import pytest
from operator import sub
@pytest.mark.parametrize("x, y, expected",
                        [(1, 2, -1),
                         (7, 3,  4),
                         (21, 58, -37)])
def test_sub(x, y, expected):
    """ Test the sub function. """
    assert sub(x, y) == -sub(y, x) == expected

Here we are passing a list containing different parameter sets, with the names of the parameters matched against the arguments of the test function.

Testing exceptions

Pytest provides a way of testing your code for known exceptions. For example, suppose we had a function that raises an IndexError:

def indexError():
    """ A function that raises an IndexError. """
    a = []

We could then write a test to validate that the error is thrown as expected:

def test_indexError():
    with pytest.raises(IndexError):
Custom attributes

It’s possible to mark test functions with any attribute you like. For example:

def test_slow_function():
    """ A unit test that takes a really long time. """

Here we have marked the test function with the attribute slow in order to indicate that it takes a while to run. From the command line it is possible to run or skip tests with a particular mark.

pytest mypkg -m "slow"        # only run the slow tests
pytest mypkg -m "not slow"    # skip the slow tests

The custom attribute can just be a label, as in this case, or could be your own function decorator.

Continuous integration and delivery

We use GitHub Actions to run a full continuous integration (CI) on all pull requests to devel and main, and all pushes to devel and main. We will not merge a pull request until all tests pass. We only accept pull requests to devel. We only allow pull requests from devel to main. In addition to CI, we also perform a build of the website on pushes to devel and tags to main. The website is versioned, so that old the docs for old versions of the code are always available. Finally, we have set up continuous delivery (CD) on pushes to main and devel, which build the pypi source and binary wheels for Windows, Linux (manylinux2010) and OS X. These are manually uploaded to pypi when we tag releases, but we expect to automate this process soon.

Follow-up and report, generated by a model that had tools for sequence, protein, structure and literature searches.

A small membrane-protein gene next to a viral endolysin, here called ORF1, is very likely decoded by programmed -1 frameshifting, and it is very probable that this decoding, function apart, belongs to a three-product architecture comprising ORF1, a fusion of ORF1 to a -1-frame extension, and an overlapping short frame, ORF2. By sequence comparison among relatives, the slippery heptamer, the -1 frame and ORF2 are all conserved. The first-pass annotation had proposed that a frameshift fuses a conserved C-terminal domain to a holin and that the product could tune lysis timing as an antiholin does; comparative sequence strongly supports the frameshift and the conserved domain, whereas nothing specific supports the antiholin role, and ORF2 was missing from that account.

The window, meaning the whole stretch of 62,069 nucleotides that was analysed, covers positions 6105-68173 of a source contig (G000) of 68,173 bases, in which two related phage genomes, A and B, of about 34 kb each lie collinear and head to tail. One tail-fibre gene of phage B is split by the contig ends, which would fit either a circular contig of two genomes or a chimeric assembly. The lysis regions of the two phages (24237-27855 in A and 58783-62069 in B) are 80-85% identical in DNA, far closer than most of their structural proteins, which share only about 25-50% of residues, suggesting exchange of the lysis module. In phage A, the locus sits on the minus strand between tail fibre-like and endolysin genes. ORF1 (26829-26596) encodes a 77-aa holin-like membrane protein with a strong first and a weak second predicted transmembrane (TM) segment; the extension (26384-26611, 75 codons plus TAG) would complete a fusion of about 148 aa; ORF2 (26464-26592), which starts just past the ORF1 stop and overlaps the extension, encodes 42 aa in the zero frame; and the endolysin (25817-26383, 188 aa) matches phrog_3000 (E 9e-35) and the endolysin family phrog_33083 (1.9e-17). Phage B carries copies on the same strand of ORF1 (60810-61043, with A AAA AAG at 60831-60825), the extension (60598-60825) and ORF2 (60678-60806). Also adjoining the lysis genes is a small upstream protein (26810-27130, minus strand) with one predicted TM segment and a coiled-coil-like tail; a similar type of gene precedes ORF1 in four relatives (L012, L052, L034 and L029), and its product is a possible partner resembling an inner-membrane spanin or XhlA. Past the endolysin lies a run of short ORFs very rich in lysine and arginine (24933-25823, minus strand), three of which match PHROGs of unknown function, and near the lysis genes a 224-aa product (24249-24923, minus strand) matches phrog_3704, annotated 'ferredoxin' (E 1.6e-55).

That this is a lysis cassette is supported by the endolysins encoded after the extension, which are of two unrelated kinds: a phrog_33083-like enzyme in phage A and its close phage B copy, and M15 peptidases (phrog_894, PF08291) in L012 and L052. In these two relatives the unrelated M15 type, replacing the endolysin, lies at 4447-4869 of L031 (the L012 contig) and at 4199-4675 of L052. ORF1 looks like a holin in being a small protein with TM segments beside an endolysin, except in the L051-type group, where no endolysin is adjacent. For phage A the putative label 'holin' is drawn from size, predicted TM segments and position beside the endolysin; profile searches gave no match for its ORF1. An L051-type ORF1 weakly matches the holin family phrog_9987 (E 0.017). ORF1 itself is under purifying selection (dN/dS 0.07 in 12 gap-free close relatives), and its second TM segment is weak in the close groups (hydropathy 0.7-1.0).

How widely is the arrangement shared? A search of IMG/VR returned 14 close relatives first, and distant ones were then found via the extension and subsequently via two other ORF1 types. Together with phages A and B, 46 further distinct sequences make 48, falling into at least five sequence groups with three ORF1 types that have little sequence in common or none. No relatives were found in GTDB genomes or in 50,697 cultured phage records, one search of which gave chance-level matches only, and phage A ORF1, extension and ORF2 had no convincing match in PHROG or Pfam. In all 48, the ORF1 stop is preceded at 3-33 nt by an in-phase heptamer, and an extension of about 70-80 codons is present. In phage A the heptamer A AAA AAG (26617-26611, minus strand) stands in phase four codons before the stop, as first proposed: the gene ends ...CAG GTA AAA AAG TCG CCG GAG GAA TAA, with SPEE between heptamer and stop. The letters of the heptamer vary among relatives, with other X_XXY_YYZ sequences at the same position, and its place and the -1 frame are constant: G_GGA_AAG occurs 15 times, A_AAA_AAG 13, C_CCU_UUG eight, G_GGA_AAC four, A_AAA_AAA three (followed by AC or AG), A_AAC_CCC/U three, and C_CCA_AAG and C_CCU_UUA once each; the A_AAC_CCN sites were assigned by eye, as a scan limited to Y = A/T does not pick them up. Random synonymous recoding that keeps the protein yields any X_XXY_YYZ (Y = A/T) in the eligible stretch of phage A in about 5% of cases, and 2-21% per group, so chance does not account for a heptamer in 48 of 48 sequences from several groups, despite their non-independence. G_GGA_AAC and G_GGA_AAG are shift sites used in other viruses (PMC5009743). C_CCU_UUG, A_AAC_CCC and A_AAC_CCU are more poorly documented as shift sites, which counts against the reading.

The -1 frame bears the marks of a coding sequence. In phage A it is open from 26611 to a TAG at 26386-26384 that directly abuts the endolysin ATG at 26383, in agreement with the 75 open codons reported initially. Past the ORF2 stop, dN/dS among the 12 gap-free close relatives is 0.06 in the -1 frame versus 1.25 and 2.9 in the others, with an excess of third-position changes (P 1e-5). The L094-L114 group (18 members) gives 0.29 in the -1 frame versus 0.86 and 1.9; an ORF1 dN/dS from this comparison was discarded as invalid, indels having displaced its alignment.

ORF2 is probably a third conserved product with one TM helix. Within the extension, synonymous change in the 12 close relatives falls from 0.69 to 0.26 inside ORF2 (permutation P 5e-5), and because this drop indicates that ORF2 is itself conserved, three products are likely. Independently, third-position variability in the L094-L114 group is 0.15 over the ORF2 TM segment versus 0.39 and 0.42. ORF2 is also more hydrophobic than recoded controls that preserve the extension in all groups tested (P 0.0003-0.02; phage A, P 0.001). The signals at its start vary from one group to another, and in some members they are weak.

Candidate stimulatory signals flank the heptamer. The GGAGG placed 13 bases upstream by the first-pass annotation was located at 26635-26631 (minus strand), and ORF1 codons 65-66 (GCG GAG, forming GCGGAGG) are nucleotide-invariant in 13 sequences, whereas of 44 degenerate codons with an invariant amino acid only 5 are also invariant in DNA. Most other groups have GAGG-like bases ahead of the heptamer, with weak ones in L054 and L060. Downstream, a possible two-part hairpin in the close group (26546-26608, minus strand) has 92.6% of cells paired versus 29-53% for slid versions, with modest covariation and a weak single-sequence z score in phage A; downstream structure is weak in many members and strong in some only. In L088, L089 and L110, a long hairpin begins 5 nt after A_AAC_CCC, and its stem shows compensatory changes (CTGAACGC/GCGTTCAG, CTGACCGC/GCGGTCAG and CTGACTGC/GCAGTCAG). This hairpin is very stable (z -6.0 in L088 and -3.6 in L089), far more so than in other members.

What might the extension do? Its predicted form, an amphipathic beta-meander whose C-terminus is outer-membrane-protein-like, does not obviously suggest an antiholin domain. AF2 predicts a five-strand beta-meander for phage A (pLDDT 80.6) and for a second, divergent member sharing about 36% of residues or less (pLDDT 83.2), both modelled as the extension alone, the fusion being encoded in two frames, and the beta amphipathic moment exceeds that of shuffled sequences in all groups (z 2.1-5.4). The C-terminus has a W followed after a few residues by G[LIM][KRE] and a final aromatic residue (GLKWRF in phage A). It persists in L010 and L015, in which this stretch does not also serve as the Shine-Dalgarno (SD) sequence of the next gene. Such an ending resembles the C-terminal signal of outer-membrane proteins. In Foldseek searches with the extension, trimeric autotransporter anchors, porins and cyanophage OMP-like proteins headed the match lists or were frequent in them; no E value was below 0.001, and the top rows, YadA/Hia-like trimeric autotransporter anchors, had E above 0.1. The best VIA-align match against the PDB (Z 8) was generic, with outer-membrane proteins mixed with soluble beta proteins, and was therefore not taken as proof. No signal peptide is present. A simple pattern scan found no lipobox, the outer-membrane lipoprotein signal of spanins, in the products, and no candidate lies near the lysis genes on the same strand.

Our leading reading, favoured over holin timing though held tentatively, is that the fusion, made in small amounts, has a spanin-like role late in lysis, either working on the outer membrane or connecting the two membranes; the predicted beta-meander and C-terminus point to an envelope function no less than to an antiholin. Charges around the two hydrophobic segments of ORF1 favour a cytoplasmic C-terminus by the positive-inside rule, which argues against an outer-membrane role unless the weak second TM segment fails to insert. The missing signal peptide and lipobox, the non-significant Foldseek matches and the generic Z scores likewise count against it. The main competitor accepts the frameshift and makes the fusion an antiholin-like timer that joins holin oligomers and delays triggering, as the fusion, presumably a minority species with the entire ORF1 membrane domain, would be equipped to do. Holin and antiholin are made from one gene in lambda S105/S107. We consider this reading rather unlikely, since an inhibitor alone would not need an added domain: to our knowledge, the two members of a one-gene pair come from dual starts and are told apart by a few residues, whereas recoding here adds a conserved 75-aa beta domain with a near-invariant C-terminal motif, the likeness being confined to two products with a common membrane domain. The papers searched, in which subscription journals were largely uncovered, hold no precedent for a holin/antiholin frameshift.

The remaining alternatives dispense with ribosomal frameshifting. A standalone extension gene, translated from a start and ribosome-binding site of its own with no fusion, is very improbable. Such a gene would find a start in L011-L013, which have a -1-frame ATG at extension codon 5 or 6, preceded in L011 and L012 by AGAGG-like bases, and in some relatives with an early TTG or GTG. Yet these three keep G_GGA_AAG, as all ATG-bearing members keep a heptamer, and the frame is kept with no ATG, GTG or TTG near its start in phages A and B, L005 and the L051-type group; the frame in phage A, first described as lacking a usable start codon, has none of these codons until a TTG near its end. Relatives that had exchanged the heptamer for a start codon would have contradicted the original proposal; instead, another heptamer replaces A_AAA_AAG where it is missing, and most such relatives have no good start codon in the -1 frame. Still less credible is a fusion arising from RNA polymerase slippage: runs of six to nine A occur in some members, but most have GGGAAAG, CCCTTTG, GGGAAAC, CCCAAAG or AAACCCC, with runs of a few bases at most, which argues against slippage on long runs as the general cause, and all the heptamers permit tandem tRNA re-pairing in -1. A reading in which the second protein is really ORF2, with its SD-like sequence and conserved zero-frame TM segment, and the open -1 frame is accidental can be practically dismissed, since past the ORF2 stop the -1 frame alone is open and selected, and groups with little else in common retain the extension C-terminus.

MetaWards is fully documented using a combination of hand-written files (in the doc folder) and auto-generated api documentation created from NumPy style docstrings. See here for details. The documentation is automatically built using Sphinx whenever a commit is pushed to devel, which will then update this website.

To build the documentation locally you will first need to install some additional packages.

pip install sphinx sphinx_issues sphinx_rtd_theme

Then move to the doc directory and run:

make html

When finished, point your browser to build/html/index.html.


If you create new tests, please make sure that they pass locally before commiting. When happy, commit your changes, e.g.

git commit src/metawards/ tests/test_feature \
    -m "Implementation and test for new feature."

Remember that it is better to make small changes and commit frequently.

If your edits don’t change the MetaWards source code, or documentation, e.g. fixing typos, then please add ci skip to your commit message, e.g.

git commit -a -m "Updating docs [ci skip]"

This will avoid unnecessarily running the GitHub Actions, e.g. building a new MetaWards package, updating the website, etc. (the GitHub actions are configured in the file .github/workflows/main.yaml). To this end, we have provided a git hook that will append [ci skip] if the commit only modifies files in a blacklist that is specified in the file .ciignore (analagous to the .gitignore used to ignore untracked files). To enable the hook, simply copy it into the .git/hooks directory:

cp git_hooks/commit-msg .git/hooks

Any additional files or paths that shouldn’t trigger a re-build can be added to the .ciignore file.

Next, push your changes to the remote server, e.g.

# Push to the feature branch on the main MetaWards repo, if you have access.
git push origin feature

# Push to the feature branch your own fork.
git push fork feature

When the feature is complete, create a pull request on GitHub so that the changes can be merged back into the development branch. For information, see the documentation here.


First, thanks to you for your interest in MetaWards and for reading this far. We hope you enjoy having a play with the code and having a go at adding new functionality, fixing bugs, writing docs etc.

We would also like to thank Lester Hedges and the BioSimSpace team who provided great advice to set up the above, and from whose GitHub repo most of the procedures, scripts and documentation above is derived.